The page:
While training and socialization can have a huge effect on your puppy's behavior, you are still working with the tools that genetics gave you. Everything from stress on your puppy's grandparents to hormones in utero can change your puppy's genetics and brain - permanently. Unfortunately, love isn't enough to turn an undersocialized puppy into a confident Lassie-type. Even with the best training out there, dogs have genetic limits (and those limits can change based on hormones and stressful experiences).
In 1935, the American Kennel Club began obedience trials, and in the following years popular magazines raised public awareness of the benefits of having a trained pet dog, and of the recreational possibilities of dog training as a hobby.[17] After WWII, the increasing complexities of suburban living demanded that for a pet dog's own protection and its owner's convenience, the dog should be obedient. William Koehler had served as principal trainer at the War Dog Training Center, in California, and after the war became chief trainer for the Orange Empire Dog Club—at the time, the largest dog club in the United States—instructor for a number of breed clubs, and a dog trainer for the Walt Disney Studios.[18] In 1962 Koehler published The Koehler Method of Dog Training, in which he is highly critical of what he calls "tid-bit training techniques" based in "the prattle of 'dog psychologists'".[17] Amongst the training innovations attributed to Koehler is the use of a long line in conjunction with a complete absence of oral communication as a way of instilling attentiveness prior to any leash training. Koehler insisted that participants in his training classes used "emphatic corrections", including leash jerks and throw chains, explaining that tentative, nagging corrections were cruel in that they caused emotional disturbance to the dog.[19] Vicki Hearne, a disciple of Koehler's, commented on the widespread criticism of his corrections, with the explanation that it was the emotionally loaded language used in the book that led to a number of court cases, and to the book being banned in Arizona for a time.[20] Despite the controversy, his basic method forms the core of many contemporary training systems.[21]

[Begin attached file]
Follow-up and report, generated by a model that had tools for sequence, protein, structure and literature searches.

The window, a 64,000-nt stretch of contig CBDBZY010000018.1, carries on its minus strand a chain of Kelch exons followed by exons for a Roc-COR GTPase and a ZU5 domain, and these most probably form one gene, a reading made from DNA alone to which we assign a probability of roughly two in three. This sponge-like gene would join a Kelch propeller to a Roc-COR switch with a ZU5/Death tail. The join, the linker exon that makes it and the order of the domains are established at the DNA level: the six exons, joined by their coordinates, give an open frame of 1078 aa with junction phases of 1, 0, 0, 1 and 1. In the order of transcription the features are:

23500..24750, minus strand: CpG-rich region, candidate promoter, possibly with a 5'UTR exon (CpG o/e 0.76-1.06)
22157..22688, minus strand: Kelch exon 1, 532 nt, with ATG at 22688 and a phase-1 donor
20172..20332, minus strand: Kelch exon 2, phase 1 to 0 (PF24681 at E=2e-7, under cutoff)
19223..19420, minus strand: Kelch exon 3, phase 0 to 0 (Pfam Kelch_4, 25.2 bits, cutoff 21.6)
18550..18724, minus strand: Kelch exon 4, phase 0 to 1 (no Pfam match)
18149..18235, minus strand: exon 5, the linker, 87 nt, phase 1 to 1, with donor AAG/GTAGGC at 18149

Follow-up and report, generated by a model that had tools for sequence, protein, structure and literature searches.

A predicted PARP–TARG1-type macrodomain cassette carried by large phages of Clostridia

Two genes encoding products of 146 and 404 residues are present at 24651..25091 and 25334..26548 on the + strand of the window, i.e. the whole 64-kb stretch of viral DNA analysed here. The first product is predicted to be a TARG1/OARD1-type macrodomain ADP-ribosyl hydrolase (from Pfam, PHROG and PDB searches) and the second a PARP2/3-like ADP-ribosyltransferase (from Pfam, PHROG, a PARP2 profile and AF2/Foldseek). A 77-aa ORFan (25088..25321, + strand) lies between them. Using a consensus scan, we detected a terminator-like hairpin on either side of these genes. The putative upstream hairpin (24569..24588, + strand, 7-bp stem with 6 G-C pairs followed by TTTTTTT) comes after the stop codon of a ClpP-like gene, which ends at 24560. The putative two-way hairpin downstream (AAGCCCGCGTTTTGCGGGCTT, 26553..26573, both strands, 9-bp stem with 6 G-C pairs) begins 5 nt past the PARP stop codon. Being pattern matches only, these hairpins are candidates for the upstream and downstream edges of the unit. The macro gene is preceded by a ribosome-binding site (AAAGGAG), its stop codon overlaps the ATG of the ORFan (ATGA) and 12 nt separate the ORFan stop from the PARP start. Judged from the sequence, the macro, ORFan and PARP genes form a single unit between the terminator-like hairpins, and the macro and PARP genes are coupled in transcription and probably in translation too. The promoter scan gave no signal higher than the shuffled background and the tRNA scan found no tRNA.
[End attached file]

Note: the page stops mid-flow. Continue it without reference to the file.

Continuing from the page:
When your dog knows the release cue and how to sit on cue, put him in a sit, turn and face him, and give him a treat. Pause, and give him another treat for staying in a sit, then release him. Gradually increase the time you wait between treats (it can help to sing the ABC’s in your head and work your way up the alphabet).  If your dog gets up before the release cue, that’s ok! It just means he isn’t ready to sit for that long so you can make it easier by going back to a shorter time.
The American Kennel Club CGC is rapidly becoming recognized as the standard of behavior for dogs in our communities. Canine Good Citizen resolutions have been passed by 18 state legislatures and the United States Senate. Insurance companies are starting to use CGC to insure breeds they would not otherwise insure, and some condominium associations around the country now require that all dogs in the complex have earned the Canine Good Citizen award.
Amy grew up in England and in the early 1990's moved to North Carolina where she completed a bachelors degree in Psychology in 2001. Amy's personal interest in writing was sparked by her love of reading fiction and her creative writing hobby. Amy is currently self employed as a freelance writer and web designer. When she is not working Amy can be found curled up with a good book and her black Labrador, Jet.